Toronto
3 min

Big win for Glad Day

Ontario Supreme Court judge rules the Ontario Film Review Board is one censor too many

PAPER TIGER. If Glad Day's recent legal victory stands, The Theatres Act will no longer require that the OFRB approve films before distribution. Credit: Daniel Ehrenworth

Once again queers have helped to reshape laws in Ontario, this time by challenging the constitutionality of government censors.



On Apr 30, an Ontario superior court judge threw out the portions of the provincial Theatres Act that required movies to be approved by the Ontario Film Review Board (OFRB) before being shown or sold in the province.



“They’ve fought a long time for this result,” says Addario, of his client, Yonge St’s Glad Day Bookshop and its owner John Scythes. “Frankly, it’s the right result.”



The case stems from the 2000 seizure of Descent, a gay porn being sold at Glad Day without OFRB approval for distribution. That seizure four years ago led to a court case in 2001 that Glad Day lost on the grounds that it wasn’t entitled to challenge the OFRB because it hadn’t cooperated with the process in the first place. Glad Day appealed that decision.



The Glad Day case has parallels to the legal battle of queer bookstore Little Sister’s in Vancouver and the judge referenced the Little Sister’s decision several times in his statement. Little Sister’s fought Canada Customs all the way to the Supreme Court in 2000, arguing it had been unfairly targeted because it was a queer bookstore.



Glad Day’s lead lawyer Frank Addario challenged the government under Canada’s Charter Of Rights And Freedoms, arguing that the censorship powers of the OFRB violated their right to freedom of expression as laid out in the Charter. Justice Russell Juriansz voiced his support for this position in a 37-page statement.



Though Glad Day’s case surrounded the seizure of a single unapproved sex film, Juriansz’s decision will impact the distribution of all movies and videos in the province.



During the appeal trial, government lawyers argued that censorship is justified in a free society so as to protect society and vulnerable groups from harm. But the judge criticized the current legislation as “overly broad” and was dissatisfied with government arguments to the contrary.



“The requirement for prior approval infringes the rights of all distributors, retailers and exhib-itors, and all members of the viewing public,” Juriansz wrote. “I find that the infringement is not trivial and insubstantial.”



These findings aren’t unique in Canada and not all provinces go the pre-approval, or censorship, route. Manitoba’s government has been out of the censorship business since 1972; in that province it is up to the police to deal with obscene material.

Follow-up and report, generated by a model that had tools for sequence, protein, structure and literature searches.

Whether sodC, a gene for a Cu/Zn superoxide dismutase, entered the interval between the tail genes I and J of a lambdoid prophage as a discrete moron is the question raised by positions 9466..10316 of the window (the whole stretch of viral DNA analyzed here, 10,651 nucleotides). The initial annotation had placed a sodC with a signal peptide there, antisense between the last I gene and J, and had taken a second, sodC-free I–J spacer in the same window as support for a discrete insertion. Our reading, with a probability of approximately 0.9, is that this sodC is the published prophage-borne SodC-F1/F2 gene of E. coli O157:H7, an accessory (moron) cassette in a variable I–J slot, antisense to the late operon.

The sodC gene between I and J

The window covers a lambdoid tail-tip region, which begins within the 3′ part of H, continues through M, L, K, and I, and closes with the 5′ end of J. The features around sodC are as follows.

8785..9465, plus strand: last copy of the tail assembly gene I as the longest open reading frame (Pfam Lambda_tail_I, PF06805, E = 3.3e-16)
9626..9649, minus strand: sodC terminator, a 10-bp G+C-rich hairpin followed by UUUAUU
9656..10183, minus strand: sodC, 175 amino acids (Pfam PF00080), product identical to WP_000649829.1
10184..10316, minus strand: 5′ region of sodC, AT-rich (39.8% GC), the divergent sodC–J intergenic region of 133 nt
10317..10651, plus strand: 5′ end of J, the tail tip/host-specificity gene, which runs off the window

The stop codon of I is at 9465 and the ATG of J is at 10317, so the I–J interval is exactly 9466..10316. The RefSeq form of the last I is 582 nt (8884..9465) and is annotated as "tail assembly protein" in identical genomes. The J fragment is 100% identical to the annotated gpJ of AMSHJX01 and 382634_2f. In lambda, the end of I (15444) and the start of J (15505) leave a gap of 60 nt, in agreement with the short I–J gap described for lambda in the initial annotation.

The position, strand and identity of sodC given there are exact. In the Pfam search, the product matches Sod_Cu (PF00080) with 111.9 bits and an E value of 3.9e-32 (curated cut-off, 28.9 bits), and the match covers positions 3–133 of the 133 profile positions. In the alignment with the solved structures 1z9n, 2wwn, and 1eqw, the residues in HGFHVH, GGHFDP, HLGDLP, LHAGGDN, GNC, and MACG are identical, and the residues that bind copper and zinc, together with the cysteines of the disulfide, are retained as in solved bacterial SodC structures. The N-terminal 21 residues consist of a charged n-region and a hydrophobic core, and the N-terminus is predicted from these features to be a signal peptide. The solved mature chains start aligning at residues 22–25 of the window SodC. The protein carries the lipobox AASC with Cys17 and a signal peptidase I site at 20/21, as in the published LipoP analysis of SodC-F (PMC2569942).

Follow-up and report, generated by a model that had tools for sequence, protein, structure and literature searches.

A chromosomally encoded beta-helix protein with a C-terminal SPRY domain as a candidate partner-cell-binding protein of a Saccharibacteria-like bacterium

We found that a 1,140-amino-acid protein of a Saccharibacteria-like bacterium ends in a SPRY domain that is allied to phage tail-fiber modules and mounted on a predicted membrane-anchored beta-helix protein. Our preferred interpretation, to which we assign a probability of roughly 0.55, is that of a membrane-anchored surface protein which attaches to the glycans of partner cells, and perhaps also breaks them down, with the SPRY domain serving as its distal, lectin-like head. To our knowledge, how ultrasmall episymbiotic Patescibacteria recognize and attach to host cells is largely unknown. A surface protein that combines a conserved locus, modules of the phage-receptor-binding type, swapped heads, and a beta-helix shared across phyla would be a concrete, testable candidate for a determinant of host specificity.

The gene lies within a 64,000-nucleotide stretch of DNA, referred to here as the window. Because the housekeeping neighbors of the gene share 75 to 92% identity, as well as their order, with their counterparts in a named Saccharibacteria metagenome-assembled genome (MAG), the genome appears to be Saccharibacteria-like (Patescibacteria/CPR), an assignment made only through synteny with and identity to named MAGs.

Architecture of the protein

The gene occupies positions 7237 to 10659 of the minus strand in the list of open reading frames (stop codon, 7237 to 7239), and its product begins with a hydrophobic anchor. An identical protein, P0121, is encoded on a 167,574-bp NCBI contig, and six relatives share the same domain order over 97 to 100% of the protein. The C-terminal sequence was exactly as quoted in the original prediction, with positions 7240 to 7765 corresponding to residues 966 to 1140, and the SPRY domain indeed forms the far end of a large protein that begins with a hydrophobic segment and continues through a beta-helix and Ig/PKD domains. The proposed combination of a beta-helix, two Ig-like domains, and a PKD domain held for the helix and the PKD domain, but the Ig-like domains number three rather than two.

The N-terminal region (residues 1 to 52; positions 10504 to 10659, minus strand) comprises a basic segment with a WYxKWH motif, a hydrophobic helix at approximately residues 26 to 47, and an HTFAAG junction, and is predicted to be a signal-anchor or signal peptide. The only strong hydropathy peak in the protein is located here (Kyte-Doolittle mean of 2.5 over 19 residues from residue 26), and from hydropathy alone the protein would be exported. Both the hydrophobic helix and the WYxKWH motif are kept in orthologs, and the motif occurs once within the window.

Would an increased police presence in the film industry worry Addario? “No, if it’s not obscene, the police won’t have anything to do with it,” he says. “The censor board interfered with things that were less than obscene and more than Bambi.”



Juriansz noted that movies shown at film festivals, public libraries and art galleries are already exempt from the pre-approval rules. The judge also called attention to the many other forms of media that don’t have to be approved by a government authority, pointing out the lack of boards “that must approve books, plays, art exhibitions, concerts or other forms of performance before the public may have access to them.”



In arguing the case, Addario didn’t attack the OFRB’s role in classifying films, but rather its ability to reject or censor films prior to distribution. He also challenged the province’s jurisdiction in enforcing the regulation, on the grounds that it overlapped with the existing federal criminal code. In addition, Addario contended that the fee scale for screening films, $4.20 per minute for all films not wholly made within Canada, discriminates against foreign films and overlaps with federal commerce jurisdiction.



Juriansz rejected the two latter arguments, but Addario is pleased that the critical argument won out.



So are the folks at Glad Day. “We’re really happy with the results,” says Toshiya Kuwabara, manager of the Yonge St store.



The provincial government now has 30 days to review and respond to the ruling, either by enacting legislation in keeping with the decision or by challenging it. In the meantime, government spokespeople are keeping quiet about their reaction.



“Because we are in the midst of that review we can’t make any further comment,” says Brendan Crawley, senior coordinator with media relations in the Ministry Of The Attorney General. Crawley did allow that counsel from the ministry will be working with staff at the Ministry Of Consumer And Business Services in determining their course of action.



If the government chooses not to appeal the decision, it will automatically take effect in 12 months – or sooner, should legislators enact new regulations.



* Glad Day is hosting a fundraiser on Fri, Jun 11 at Andy Poolhall. The party, courtesy of the Synchro crew, features DJs Denise Benson, Andrew Allsgood, Will Munroe, Kiki and Violca. Cover is $5 with all proceeds to Glad Day’s legal defence fund.